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Coal miner Hwange survives on real estate



LISTED coal miner Hwange Colliery Company Limited (HCCL) says its estates division reported a 712% increase in revenue last year, with real estate accounting for 80% as other streams suffered from the effects of Covid-19-induced restrictions.

Besides coal mining, HCCL has interests in estate and medical services.

Its estates division consists of real estate, retail, hospitality and education.

In a statement accompanying financial results for the year ended 31 December 2020, HCCL revealed that revenue from the estates division in the period under review increased by 712% from ZW$32.5 million in 2019 to ZW$263.2 million in 2020.

Real estate accounted for 80% of revenues as other streams suffered from the impact of Covid-19-induced restrictions, it said.

HCCL said total costs in 2020 were 794% higher than in 2019 at ZW$269.2 million as a result of the increase in expenses on labour, power and legacy cost adjustments.

The net loss for the year for the year was ZW$4.1 million compared to a profit of ZWL$2.3 million in the previous year.

“Actions to improve the division’s performance will include increasing commercial space by engaging in BOOT (build–own–operate–transfer) arrangements with potential investors; stringent debt collection to boost cashflows; refurbishment of retail facilities to improve customer experience; and diversification of product ranges,” says the firm.

“Planned projects were slowed down mainly by Covi-19-induced restrictions. The division undertook the Zimbabwe Open University Hwange Campus project and undertook major repairs on employee housing.”

Overall, the loss-making miner reported an inflation-adjusted net profit of ZW$1.6 billion during the year 2020, down 77% compared to the same period in 2019.

The gross profit and net profit decreased from ZW$1.9 billion and ZW$6.9 billion to ZW$1 billion and ZW$1.5 billion, respectively.

Revenue, however, increased by 13% from ZW$3.954 billion in 2019 to ZW$4.468 billion in 2020 on an inflation-adjusted basis.

Production increased by 22% during the period under review, with the main challenges having been shortages of diesel and foreign currency to import spares and consumables as well as the negative effects of the Covid-19 pandemic.

The sales volumes, however, increased by only 10% compared to 2019 mainly as a result of the influence of Covid-19 on the market and logistics as well as the reduced thermal coal offtake.

“Going forward, the company has targeted to increase production and sales. For this, some significant capital is required and this will in turn increase capacity to discharge obligations to creditors as well as create a positive balance sheet in the medium term,” HCCL administrator Dale Sibanda said.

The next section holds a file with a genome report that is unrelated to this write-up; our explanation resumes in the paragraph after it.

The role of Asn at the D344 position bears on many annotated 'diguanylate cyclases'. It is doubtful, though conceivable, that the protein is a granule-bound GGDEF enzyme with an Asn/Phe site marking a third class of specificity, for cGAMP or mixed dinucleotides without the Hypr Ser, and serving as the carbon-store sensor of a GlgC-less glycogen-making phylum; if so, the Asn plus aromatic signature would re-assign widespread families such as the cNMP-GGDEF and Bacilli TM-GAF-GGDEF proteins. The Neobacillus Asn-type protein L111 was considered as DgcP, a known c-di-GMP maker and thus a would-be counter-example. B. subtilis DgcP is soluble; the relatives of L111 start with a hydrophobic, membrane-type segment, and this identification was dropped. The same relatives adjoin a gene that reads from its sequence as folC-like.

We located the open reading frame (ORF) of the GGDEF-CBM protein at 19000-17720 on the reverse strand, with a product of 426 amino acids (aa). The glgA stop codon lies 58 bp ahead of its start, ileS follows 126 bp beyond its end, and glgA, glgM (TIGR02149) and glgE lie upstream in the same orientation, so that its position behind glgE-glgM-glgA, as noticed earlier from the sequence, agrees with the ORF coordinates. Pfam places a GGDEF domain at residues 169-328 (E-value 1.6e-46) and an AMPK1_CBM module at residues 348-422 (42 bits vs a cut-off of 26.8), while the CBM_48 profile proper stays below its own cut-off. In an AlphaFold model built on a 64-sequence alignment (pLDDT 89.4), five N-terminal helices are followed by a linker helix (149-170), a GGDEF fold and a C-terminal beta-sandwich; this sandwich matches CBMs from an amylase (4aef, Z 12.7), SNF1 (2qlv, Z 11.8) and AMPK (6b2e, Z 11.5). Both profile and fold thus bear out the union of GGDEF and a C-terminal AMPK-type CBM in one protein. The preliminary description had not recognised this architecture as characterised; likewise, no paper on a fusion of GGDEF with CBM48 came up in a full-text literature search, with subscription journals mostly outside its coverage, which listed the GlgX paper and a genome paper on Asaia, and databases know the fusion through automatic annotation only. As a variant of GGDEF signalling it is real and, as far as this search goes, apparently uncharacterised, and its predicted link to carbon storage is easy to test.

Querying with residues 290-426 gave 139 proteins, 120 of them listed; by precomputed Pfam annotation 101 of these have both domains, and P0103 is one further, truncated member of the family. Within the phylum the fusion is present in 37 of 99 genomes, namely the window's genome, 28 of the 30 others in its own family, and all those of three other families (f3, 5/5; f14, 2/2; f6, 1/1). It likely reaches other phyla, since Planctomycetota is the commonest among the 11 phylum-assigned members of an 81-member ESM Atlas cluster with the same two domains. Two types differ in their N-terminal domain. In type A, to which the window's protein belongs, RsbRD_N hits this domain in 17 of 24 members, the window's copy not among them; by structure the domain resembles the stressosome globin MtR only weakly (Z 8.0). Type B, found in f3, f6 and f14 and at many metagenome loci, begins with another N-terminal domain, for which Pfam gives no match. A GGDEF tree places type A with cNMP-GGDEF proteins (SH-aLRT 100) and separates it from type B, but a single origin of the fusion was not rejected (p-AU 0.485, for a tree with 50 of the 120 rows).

During the period under review, Sibanda said focus was on increasing production and sales of high coking coal.
Coking coal sales increased by 6.5% from 223 662 tonnes in 2019 to 238 112 tonnes in 2020.

“The coking sales volumes were however limited by washing capacity constraints as the HMS (heavy media separation) plant was antiquated and needed retooling. The plant was completed and the plant was commissioned in April 2021,” he said.

Total coal mined by opencast operations was 1.1 million tonnes, a 46% increase in production from the previous year.

Total coal from HCCL’s JKL pit was 353 143 tonnes, a 121% decrease in production from 2019, while at Chaba Mine, the Contractor Zhong Jian mined a total of 750 893 tonnes, a 145% increase in production from 2019 done by the previous contractor, Mota Engil.

A total of 658 031 tonnes of coal was delivered to Hwange Power Station during the course of the year, an 18% increase from previous year. Deliveries to the power station were however negatively affected by plant challenges in the power station and limited stockholding space, he said.

In the outlook, Sibanda said HCCL targets to increase the volume of high value and margin coking coal to 100 000 tonnes per month by end of 2021. It also expects to fully capacitate its opencast mine by addressing all bottlenecks in the mining process.

The coal miner said the development of the option area and Lubimbi coalfield is planned for the medium term.

“The company has therefore started community engagements at Lubimbi in preparation for the mining process. The company is also looking at the prospects of electricity generation at Lubimbi to complement the mining process.

Preparatory work towards the mining option area has likewise begun,” Sibanda said.

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